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Nail Your Publisher Pitch

4. clean a copy

Posted by Fraser Simpson on 19 July 2018

What makes a good submission

We know the feeling. You’ve been working hard at this thing for months - years even - and you’re so deep in the game, the detail, the dev journey, that it’s hard to explain exactly what you’ve made without basically writing your autobiography. We’ve been there. Really.

When you think about it though, apart from your announcement and then release day, a pitch is perhaps your other biggest opportunity to get people excited about the game you're making. The ideal pitch or submission – just like a trailer - will leave its audience thinking "This is great, I need it!” or in the case of a publisher, like us “This is great… we need to get involved before someone else does!"

Getting it right is tough, but I really think that less is more where pitching a game to a potential partner is concerned, so I thought I’d share some tips for getting that submission email (either to us or to anyone) just right.

We Love Simplicity

When you design your game, you think about your audience all the time; ‘Will they get this puzzle?’ ‘Is the path obvious enough?’ Well, pitching’s just the same.

Think about who you’re mailing or speaking to. How much time will they have, how many other submissions they have seen today, how is your game going to stand out? Is the difference clear enough? Are you hiding what’s special about your game behind paragraphs of text that aren’t really that important?

I’d really suggest cutting straight to the good stuff.

Here’s one example of how a good submission mail might work:

Hi YoYo!

We’re [STUDIO NAME]. We heard you’re publishing games now and we’d like to submit [GAME NAME], a game we’re making about [CONCEPT] for consideration.
We’ve included some links to a playable demo and a shared folder, which has some press kit, screenshots and more videos.

Some Info:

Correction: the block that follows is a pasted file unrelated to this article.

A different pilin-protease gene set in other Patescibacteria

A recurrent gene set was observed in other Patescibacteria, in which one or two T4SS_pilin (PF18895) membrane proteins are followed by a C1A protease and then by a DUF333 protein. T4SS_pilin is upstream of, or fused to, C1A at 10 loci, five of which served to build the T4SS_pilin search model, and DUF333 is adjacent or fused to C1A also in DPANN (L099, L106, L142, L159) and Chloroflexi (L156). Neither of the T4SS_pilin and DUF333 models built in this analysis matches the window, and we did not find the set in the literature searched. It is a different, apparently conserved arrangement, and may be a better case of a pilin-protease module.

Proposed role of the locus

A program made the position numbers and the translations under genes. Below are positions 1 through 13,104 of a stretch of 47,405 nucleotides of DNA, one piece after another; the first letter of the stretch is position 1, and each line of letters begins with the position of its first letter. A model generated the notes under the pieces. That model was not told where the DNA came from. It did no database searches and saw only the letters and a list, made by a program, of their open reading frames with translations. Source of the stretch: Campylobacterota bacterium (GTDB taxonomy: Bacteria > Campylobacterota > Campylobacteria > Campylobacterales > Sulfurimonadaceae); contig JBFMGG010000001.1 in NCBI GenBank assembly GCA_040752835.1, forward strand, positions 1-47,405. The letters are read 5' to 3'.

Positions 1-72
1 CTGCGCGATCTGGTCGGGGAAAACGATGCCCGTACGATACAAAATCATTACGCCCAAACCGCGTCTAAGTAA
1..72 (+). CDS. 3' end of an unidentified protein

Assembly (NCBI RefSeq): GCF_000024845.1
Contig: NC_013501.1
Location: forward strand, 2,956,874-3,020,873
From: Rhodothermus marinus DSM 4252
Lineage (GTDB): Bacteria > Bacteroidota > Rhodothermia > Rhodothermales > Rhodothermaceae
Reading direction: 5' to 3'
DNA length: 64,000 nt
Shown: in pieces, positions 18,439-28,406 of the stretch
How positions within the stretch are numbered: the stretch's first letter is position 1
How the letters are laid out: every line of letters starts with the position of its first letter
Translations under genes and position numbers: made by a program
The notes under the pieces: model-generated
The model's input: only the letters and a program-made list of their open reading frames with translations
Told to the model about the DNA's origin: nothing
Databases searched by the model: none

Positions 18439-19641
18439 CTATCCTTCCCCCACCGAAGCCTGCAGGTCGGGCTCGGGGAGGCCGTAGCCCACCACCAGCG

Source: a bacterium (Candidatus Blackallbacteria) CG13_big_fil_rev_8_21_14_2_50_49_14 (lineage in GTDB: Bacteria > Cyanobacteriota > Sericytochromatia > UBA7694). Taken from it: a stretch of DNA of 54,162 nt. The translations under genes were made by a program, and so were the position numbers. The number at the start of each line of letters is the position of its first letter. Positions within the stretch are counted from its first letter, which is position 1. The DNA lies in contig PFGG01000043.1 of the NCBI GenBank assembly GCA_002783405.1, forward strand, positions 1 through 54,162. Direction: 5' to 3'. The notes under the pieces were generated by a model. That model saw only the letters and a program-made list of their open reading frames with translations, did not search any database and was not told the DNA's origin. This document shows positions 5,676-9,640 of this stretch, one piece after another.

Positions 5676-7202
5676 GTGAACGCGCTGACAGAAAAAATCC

Team: 5 people, full time.
Percentage Complete: 90%
Estimated completion: Oct 2018
Target Platforms: Initially - Steam, Then PS4, Xbox, Switch





- Game website
- Developer website, Especially if you’ve made some PREVIOUS HITS
- Demo Build
- Game/ Dev Twitters
- Link to shared folder.    

I love getting mails like this. It’s awesome. It gives me everything I need to know at a glance and makes my job so much easier.

This developer understands the context in which this mail will be read. And they're confident enough in their own game to let it do the work.

That's exciting! It makes me think "this team’s great!” and that’s a good start, right?

With this mail format I can check out the gifs and screenshots right away.

Does this look cool in an instant? It's the same question players will ask when they see the game online, on a storefront, or on a YouTube thumbnail. So make sure to pick the right screenshots. The ones that best sum up your game.

If you’re not far enough into production to have screenshots that look ‘finished’, then it’s fine to mock up a ‘game in a frame’; letting us know where you’re heading is just as good and builds confidence in the team’s vision.

I can’t overstate this – visuals are important. It’s everyone’s first encounter with your game, let us know what we’re getting or going to get eventually.

The Demo